• Zielgruppen
  • Suche

Global Trends – Interdisciplinary Perspectives on Flight and Migration (2)


25.10.2017, Deborah Bryceson, University of Oxford, Great Britain
Crossing Blurred and Brittle Borders: Transnational Family Migration, Care Circulation and Development Agency

1.11.2017, Elvira Narvaja de Arnoux, Universidad de Buenos Aires, Argentina
La retórica de la proximidad en dos argentinos: Juan Domingo Perón y el Papa Francisco (Die Rhetorik der Nähe bei zwei Argentiniern: Juan Domingo Perón und der Papst Franziskus, Vortrag in spanischer Sprache mit  Übersetzung)

8.11.2017, Matthias Middell, Universität Leipzig
Migration from a Global History Perspective

29.11.2017, Frank Schulze-Engler, Universität Frankfurt/ Main
Transregional Entanglements: Afrasian Imaginaries in East African Literature

6.12.2017, Dorothee Wierling, Universität Hamburg
Kaffee-Fahrten. Reisen und Rohkaffeehandel im 20. Jahrhundert
Lecture honouring Prof. Dr. Volker Wünderich at his 70th Birthday

13.12.2017, Sonya Lipsett-Rivera, Carleton University, Ottawa, Canada
Movements in the City: Men’s Relationship to Urban Spaces in Colonial Mexico

17.1.2018, Sergio Guerra, Universidad de la Habana, Cuba
Los inmigrantes antillanos en Cuba en las primeras décadas del siglo XX (Die antillanischen Immigranten in Kuba im frühen 20. Jh., Vortrag in spanischer Sprache mit Übersetzung)

24.1.2018, Carmen Becker, Leibniz Universität Hannover
Der "Flüchtling" als Dispositiv. Migration, Politik und Subjektivität



According to the UNHCR the number of refugees will have risen to above 65 Million by the end of 2016. Hence, more people are fleeing than registered ever (UNHCR 2016).[1]  At the same time, along with the influx of refugees, the socio-political debates around belonging in the receiving areas have increased. One example for the trends of social polarization is the surge of right wing movements. However, in the debates, the dynamics that reproduce global inequality and the consequences of political interventions in the respective regions is often less considered.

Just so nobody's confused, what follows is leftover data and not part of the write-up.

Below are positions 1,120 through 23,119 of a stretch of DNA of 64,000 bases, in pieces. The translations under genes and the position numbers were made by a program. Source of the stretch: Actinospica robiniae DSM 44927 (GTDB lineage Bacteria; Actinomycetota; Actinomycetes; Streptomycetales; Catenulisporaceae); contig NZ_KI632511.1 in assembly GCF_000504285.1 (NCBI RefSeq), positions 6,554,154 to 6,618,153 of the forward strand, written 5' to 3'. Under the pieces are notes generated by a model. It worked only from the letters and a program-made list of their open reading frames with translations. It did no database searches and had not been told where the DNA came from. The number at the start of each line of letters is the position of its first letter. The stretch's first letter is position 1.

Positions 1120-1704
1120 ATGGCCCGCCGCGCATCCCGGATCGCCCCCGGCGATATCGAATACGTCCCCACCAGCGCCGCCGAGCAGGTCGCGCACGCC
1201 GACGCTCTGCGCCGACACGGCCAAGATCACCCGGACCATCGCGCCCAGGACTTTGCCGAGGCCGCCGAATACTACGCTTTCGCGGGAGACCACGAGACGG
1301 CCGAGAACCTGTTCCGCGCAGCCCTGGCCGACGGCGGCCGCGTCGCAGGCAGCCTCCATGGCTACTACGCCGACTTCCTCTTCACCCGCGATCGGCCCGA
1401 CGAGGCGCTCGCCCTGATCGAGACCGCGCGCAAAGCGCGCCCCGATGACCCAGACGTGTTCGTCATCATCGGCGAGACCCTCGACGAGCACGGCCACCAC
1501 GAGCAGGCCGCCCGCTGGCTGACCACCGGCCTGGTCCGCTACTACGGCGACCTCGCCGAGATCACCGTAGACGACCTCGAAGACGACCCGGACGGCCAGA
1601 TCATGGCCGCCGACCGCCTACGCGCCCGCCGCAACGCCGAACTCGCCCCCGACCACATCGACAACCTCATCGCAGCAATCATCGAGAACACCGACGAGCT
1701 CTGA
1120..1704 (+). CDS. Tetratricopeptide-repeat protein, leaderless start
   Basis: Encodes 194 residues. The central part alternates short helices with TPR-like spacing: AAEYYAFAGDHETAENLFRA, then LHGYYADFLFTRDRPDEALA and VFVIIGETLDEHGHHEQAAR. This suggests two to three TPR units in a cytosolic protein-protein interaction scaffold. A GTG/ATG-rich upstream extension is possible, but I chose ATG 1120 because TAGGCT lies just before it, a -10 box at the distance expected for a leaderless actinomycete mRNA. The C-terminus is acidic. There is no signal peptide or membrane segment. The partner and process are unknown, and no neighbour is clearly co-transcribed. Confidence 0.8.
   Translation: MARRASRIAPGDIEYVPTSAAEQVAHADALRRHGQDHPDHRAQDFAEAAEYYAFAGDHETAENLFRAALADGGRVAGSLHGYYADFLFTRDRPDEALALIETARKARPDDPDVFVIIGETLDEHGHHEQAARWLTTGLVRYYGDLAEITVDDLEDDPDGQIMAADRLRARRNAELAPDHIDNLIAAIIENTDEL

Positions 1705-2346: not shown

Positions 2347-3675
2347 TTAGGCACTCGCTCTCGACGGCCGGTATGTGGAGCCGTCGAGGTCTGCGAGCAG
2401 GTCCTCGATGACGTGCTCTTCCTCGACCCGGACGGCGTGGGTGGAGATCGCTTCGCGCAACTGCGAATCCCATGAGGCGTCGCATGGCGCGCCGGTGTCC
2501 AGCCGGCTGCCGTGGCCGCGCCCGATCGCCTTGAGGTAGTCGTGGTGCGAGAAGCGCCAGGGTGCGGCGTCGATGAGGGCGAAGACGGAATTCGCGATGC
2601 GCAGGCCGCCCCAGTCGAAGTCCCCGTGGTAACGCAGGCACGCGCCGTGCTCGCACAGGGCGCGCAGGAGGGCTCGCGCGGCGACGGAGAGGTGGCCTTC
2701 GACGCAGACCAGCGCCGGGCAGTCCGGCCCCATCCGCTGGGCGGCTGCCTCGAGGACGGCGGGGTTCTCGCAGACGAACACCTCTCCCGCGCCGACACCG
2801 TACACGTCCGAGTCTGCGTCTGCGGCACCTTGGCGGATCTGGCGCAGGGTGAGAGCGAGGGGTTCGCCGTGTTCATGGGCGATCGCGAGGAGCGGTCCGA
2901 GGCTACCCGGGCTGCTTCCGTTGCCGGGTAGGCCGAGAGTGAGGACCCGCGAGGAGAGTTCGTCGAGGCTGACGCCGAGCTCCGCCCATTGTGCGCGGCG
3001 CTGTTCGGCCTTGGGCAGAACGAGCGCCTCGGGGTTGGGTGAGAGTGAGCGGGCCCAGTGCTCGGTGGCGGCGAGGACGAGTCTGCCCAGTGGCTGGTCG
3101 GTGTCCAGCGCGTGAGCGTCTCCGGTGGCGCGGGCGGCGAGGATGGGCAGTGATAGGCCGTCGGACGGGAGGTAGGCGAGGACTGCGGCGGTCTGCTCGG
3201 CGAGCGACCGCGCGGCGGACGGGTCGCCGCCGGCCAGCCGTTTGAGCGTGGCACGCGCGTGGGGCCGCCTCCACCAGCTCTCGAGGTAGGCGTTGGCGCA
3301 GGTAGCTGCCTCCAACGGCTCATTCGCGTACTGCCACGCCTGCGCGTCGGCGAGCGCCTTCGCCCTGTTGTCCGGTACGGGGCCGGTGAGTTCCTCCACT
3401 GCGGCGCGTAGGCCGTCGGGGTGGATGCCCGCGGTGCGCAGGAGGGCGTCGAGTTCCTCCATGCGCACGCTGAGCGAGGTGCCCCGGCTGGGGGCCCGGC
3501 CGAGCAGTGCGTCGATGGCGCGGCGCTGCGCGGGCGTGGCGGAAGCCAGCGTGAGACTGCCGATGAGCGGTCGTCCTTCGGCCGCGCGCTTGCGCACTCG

Yet, flight is neither a new, nor regionally limited, nor one-sided phenomenon. Europe, for instance was not always a continent of immigration, as more people migrated from Europe to the American continent, than the other way around until 1945. Not only the devastating wars of the 20th century, but also the social conflicts around decolonization lead to many forms of migration. Poverty and natural catastrophes were very often the triggers for people to leave their homes. Thus, migration and flight dynamics are not one-dimensional. Rather, they are multi-causal, take place between world regions and inside nations and sub-regions, and bring a variety of consequences.

This colloquium, will discuss this range of topics from different disciplinary and theoretical perspectives. Relating to empirical studies from several world regions, different perspectives are to be uncovered, going beyond the current socio-political debates around refugees. As such, flight will be examined as a social phenomenon which is primarily characterized by its complexity. In connection to this is the question for the roots of wars, forced dislocation, economic inequality. Furthermore, the social dynamics at destinations are to be examined. Furthermore, historiographical approaches can highlight the relevance of the phenomena independent of current trends.

Against the background of the contemplations, and aiming to contribute to an analysis of the complexity of forced migration, we welcome contributions which deal with the historical, socio-political and individual causes and consequences of flight.

[1] See: UNHCR: http://www.unhcr.org/5748413a2d9